Richard J Goodyear, Guy P Richardson
The tectorial membrane is an extracellular matrix that lies over the apical surface of the auditory epithelia in the inner ears of reptiles, birds, and mammals. Recent studies have shown it is composed of a small set of proteins, some of which are only produced at high levels in the ear and many of which are the products of genes that, when mutated, cause nonsyndromic forms of human hereditary deafness. Quite how the proteins of the tectorial membrane are assembled within the lumen of the inner ear to form a structure that is precisely regulated in its size and physical properties along the length of a tonotopically organized hearing organ is a question that remains to be fully answered...
2018: Current Topics in Developmental Biology
Robert P Mecham, Francesco Ramirez
The extracellular matrix (ECM) is a highly heterogeneous mixture of macromolecules capable of self-assembling into tissue-specific suprastructures that constitute the architectural elements supporting organ function. Contrary to the traditional view of being a static scaffold that supports tissue integrity along with cell adhesion and migration, the ECM is an inherently dynamic system that specifies cellular function and defines the limits and patterns of tissue organization. Throughout evolution, the composition and organization of the ECM have changed to accommodate basic and new tissue functions, both in terms of providing structural support and integrating multivalent signals to cells...
2018: Current Topics in Developmental Biology
Rei Sekiguchi, Kenneth M Yamada
The basement membrane is a thin but dense, sheet-like specialized type of extracellular matrix that has remarkably diverse functions tailored to individual tissues and organs. Tightly controlled spatial and temporal changes in its composition and structure contribute to the diversity of basement membrane functions. These different basement membranes undergo dynamic transformations throughout animal life, most notably during development. Numerous developmental mechanisms are regulated or mediated by basement membranes, often by a combination of molecular and mechanical processes...
2018: Current Topics in Developmental Biology
David F Holmes, Yinhui Lu, Tobias Starborg, Karl E Kadler
Collagen fibrils are the major mechanical component in the extracellular matrix of a broad range of multicellular animals from echinoderms to vertebrates where they provide a stable framework for tissues. They form the key tension-resisting element of a complex fiber-composite system that has a tissue-specific hierarchical structure linked to mechanical demands. Remarkably, these tissues are self-maintaining and avoid fatigue failure over the lifetime of the animal. Collagen fibrils can assemble spontaneously from purified solutions of collagen molecules...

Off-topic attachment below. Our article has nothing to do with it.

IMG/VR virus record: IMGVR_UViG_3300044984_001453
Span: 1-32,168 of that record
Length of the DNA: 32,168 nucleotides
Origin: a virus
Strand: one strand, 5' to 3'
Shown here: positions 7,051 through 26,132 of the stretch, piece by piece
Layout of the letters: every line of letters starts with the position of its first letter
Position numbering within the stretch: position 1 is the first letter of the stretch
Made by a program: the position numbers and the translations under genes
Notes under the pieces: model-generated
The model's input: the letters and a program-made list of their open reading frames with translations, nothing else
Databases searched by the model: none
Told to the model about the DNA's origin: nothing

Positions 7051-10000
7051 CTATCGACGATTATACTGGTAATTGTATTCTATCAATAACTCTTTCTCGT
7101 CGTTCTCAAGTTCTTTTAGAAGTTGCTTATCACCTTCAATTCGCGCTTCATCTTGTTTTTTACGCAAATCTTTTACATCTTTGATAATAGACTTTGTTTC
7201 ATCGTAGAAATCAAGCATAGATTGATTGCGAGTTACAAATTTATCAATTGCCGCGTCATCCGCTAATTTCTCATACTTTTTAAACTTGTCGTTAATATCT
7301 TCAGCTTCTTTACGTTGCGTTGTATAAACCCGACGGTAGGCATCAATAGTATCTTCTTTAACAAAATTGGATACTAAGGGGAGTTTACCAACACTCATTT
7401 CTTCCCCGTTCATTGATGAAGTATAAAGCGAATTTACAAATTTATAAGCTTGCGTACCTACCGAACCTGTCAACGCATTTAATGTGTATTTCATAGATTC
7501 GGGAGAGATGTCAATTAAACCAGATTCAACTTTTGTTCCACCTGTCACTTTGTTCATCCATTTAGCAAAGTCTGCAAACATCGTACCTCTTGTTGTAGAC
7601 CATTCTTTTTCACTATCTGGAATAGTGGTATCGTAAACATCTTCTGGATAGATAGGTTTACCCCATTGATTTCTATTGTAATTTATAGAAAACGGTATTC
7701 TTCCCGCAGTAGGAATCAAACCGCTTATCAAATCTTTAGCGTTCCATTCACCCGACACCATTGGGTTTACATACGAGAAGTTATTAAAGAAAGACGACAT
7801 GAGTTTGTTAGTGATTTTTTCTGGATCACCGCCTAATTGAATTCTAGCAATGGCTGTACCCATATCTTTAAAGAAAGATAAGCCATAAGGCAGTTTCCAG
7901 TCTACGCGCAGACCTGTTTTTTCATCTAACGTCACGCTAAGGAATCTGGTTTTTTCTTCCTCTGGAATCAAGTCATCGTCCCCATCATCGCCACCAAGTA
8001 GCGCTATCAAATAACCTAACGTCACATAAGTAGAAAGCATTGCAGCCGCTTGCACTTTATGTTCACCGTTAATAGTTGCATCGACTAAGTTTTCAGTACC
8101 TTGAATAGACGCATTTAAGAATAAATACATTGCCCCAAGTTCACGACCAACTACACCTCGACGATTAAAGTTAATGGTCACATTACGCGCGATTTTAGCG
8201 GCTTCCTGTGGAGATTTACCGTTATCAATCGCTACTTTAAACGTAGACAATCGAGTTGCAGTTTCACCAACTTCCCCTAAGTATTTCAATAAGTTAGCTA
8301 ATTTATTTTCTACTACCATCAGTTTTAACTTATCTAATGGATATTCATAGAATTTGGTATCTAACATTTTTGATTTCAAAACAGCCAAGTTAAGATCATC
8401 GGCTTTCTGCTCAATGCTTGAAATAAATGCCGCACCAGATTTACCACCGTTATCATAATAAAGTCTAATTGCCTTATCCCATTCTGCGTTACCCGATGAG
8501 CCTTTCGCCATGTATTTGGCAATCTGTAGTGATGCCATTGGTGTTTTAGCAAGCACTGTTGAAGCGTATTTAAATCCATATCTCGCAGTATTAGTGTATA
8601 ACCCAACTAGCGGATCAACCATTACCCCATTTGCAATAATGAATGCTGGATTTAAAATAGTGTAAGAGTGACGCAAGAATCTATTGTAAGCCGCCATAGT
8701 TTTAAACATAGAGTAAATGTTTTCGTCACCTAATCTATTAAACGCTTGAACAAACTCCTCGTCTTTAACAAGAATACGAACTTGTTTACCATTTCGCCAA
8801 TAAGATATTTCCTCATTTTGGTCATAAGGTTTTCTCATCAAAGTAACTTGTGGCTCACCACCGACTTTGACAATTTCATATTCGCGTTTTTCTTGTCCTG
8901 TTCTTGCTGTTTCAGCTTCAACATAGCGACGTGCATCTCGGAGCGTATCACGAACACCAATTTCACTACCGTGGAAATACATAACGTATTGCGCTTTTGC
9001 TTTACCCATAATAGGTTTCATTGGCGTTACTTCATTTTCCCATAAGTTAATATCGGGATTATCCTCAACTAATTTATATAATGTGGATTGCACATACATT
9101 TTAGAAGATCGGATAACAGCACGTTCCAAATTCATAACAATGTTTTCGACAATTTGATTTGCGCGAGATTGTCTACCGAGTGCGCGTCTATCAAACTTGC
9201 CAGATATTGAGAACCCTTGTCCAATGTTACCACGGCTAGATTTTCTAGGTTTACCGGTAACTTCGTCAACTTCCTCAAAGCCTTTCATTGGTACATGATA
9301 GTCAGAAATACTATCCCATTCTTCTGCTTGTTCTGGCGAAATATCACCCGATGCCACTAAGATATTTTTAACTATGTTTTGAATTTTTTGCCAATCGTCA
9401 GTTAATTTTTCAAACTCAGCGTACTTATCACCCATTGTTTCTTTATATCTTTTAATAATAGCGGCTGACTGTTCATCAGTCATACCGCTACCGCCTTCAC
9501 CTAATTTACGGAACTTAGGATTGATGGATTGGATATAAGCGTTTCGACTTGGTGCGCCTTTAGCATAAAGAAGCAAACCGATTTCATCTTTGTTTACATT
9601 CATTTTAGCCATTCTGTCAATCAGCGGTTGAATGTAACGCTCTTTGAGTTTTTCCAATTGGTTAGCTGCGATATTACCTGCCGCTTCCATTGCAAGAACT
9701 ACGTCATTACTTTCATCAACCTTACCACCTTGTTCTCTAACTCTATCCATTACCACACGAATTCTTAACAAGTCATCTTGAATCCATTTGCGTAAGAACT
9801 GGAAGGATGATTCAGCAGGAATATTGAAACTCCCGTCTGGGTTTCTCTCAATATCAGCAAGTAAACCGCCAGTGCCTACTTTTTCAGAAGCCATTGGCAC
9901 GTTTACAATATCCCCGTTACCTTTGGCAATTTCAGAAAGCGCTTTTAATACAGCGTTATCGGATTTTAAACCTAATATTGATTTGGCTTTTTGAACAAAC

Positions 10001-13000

2018: Current Topics in Developmental Biology
Jonathon M Muncie, Valerie M Weaver
The extracellular matrix is a complex network of hydrated macromolecular proteins and sugars that, in concert with bound soluble factors, comprise the acellular stromal microenvironment of tissues. Rather than merely providing structural information to cells, the extracellular matrix plays an instructive role in development and is critical for the maintenance of tissue homeostasis. In this chapter, we review the composition of the extracellular matrix and summarize data illustrating its importance in embryogenesis, tissue-specific development, and stem cell differentiation...
2018: Current Topics in Developmental Biology
Ali H Brivanlou
No abstract text is available yet for this article.
2018: Current Topics in Developmental Biology
Juliana Brown, Giorgia Quadrato, Paola Arlotta
The study of the cellular and molecular processes of the developing human brain has been hindered by access to suitable models of living human brain tissue. Recently developed 3D cell culture models offer the promise of studying fundamental brain processes in the context of human genetic background and species-specific developmental mechanisms. Here, we review the current state of 3D human brain organoid models and consider their potential to enable investigation of complex aspects of human brain development and the underpinning of human neurological disease...
2018: Current Topics in Developmental Biology
Marc Astick, Pierre Vanderhaeghen
Understanding the development of the human brain in relation with evolution is an important frontier field in developmental biology. In particular, investigating the mechanisms underlying the greatly increased relative size and complexity of the cerebral cortex, the seat of our enhanced cognitive abilities, remains a fascinating yet largely unsolved question. Though many advances in our understanding have been gained from the study of animal models, as well as human genetics and embryology, large gaps remain in our knowledge of the molecular mechanisms that control human cortical development...
2018: Current Topics in Developmental Biology
Naoko Irie, Anastasiya Sybirna, M Azim Surani
Fusion of sperm and egg generates a totipotent zygote that develops into a whole organism. Accordingly, the "immortal" germline transmits genetic and epigenetic information to subsequent generations with consequences for human health and disease. In mammals, primordial germ cells (PGCs) originate from peri-gastrulation embryos. While early human embryos are inaccessible for research, in vitro model systems using pluripotent stem cells have provided critical insights into human PGC specification, which differs from that in mice...
2018: Current Topics in Developmental Biology
Maja B K Petersen, Carla A C Gonçalves, Yung Hae Kim, Anne Grapin-Botton
Here, we review how human pluripotent stem cell models of pancreas development have emerged and became an important tool to study human development and disease. Initially developed toward the production of β cells for diabetes therapy, the protocols have been refined based on knowledge of pancreas development in model organisms. While the cells produced are closer and closer to the end goal of a functional β cell, these models have also been used to carry out functional experiments addressing gene function and expression as well as regulatory and epigenetic landscape changes during human pancreas development...
2018: Current Topics in Developmental Biology